Caudal vertebrae of Haplocanthosaurus delfsi

August 12, 2018

Tired of Haplo caudals yet? No? Good – me neither. Not by a long shot.

Above is McIntosh and Williams (1988: fig. 10) showing the rearticulated and partially reconstructed tail of CMNH 10380, the holotype and only known specimen of Haplocanthosaurus delfsi, in right anterolateral oblique view. It’s not an original, I plucked it from a PDF scan of the paper. Probably an original reprint would be a lot more clear. In hopes of seeing more, I cropped out the background and tweaked the contrast:

The first 14 caudals are real, the rest are sculpted replicas. You can tell in the photo because the thickness of the supporting rods drops sharply between caudals 14 and 15. That’s not my original observation, McIntosh and Williams pointed it out.

Conclusion? It looks like a pretty good Haplo tail. The first caudal has big, plate-like caudal ribs, which grade rapidly into the normal laterally-projecting stumps in succeeding vertebrae. Caudal 1 also has a distinctly tall, backwardly-curved neural spine, which grades into shorter, straighter spines very rapidly as well. It’s as if the first caudal is built on a typical diplodocoid plan, but the rest are simple non-neosauropod or basal macronarian caudals and they have to switch over as quickly as possible. Both of those shifts happen in the first few caudals in the other Haplo tails, too, with some minor variation among specimens.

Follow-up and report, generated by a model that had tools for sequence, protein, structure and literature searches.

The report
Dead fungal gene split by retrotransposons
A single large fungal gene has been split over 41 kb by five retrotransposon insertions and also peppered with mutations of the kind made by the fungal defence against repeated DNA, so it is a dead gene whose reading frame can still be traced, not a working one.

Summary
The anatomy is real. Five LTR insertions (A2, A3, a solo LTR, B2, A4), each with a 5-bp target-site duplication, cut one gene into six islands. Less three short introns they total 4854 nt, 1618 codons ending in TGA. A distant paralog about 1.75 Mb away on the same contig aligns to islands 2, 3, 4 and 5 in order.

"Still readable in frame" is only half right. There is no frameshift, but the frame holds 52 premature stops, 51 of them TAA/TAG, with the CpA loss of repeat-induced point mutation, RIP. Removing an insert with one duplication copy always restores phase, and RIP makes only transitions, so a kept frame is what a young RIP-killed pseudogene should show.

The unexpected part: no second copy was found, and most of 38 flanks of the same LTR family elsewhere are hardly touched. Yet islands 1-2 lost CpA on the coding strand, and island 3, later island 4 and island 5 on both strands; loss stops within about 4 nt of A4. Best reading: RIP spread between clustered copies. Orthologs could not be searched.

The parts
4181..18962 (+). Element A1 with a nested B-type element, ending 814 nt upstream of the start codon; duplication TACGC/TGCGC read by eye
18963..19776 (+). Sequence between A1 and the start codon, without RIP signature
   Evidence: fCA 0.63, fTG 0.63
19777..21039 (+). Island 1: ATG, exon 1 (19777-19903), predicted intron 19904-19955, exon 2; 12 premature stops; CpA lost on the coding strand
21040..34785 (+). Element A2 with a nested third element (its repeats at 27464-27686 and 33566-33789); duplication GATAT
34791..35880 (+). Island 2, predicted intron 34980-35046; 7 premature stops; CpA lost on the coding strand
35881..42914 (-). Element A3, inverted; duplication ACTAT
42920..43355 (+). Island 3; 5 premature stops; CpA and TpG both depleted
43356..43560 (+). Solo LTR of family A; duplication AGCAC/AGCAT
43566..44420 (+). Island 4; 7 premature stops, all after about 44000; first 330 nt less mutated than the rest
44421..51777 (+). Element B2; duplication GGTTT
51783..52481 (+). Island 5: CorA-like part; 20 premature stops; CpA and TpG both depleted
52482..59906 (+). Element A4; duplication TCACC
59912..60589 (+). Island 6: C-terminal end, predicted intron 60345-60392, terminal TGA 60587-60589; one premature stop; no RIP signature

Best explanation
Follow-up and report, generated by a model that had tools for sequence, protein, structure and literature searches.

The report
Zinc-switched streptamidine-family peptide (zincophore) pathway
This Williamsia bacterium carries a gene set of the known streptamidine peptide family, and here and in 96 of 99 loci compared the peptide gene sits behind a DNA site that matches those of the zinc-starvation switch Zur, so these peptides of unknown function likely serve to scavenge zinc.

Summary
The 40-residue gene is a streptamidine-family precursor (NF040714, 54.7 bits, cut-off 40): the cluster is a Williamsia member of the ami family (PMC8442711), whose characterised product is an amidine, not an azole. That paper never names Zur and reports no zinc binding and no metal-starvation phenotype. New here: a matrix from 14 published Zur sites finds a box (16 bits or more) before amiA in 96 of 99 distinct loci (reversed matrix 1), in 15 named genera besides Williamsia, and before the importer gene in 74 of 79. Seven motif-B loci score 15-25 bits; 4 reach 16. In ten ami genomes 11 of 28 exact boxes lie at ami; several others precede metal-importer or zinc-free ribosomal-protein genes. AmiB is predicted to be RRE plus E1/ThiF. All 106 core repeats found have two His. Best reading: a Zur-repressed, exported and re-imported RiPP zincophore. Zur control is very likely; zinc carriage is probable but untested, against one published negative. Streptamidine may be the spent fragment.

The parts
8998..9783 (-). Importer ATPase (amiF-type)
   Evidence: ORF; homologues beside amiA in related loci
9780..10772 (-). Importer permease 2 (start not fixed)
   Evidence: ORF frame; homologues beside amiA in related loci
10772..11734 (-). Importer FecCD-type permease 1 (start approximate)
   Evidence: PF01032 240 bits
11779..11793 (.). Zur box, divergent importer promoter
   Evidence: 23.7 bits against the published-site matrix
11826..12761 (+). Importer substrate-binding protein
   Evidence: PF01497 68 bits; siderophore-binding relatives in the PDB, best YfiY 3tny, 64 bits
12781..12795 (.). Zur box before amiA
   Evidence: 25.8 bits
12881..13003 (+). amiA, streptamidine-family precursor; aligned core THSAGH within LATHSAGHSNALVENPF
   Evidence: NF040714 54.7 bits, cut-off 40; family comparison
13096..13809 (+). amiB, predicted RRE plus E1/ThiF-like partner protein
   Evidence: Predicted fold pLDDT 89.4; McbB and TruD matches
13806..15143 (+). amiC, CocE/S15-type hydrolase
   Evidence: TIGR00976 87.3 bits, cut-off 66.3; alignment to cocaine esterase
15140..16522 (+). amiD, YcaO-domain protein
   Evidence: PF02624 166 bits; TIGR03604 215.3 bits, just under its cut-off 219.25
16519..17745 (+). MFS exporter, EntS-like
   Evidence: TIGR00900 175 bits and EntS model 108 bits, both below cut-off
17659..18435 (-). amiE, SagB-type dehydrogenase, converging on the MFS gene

I’m sure I’ll have more to say about this specimen in the future, but I’m attending the Flugsaurier conference in LA this weekend so my head is in the clouds. Hope you’re having half as much fun.

Reference

  • McIntosh, J.S., and Williams, M. E. 1988. A new species of sauropod dinosaur, Haplocanthosaurus delfsi sp. nov., form the Upper Jurassic Morrison Fm. of Colorado. Kirtlandia 43:3-26.
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3 Responses to “Caudal vertebrae of Haplocanthosaurus delfsi

  1. Mike Taylor Says:

    “It’s as if the first caudal is built on a typical diplodocoid plan, but the rest are simple non-neosauropod or basal macronarian caudals and they have to switch over as quickly as possible.”

    I would have put this the other way around. After the big split at the base of Neosauropoda, one group was trying to evolve into diplodocids as quickly as it good. Haplocanthosaurus got to that game early, and started doing it from the ass backwards. The diplodocoidification proceeded caudally from there.

  2. Matt Wedel Says:

    Yup, that’s a better way of putting it. Like Haplo was trying to get its diplodocoid suit on, but only managed to get the first caudal all diplo-ed up. Total Friday job, worth exactly one lousy node of diplodocoideation.

    Still better than one node of macronariannnnnope. I’m looking at you, Camarasaurus!

    Just kidding, Cam. No-one is looking at you.

  3. Mike Taylor Says:

    Two good solid LLOLs in one comment, there.


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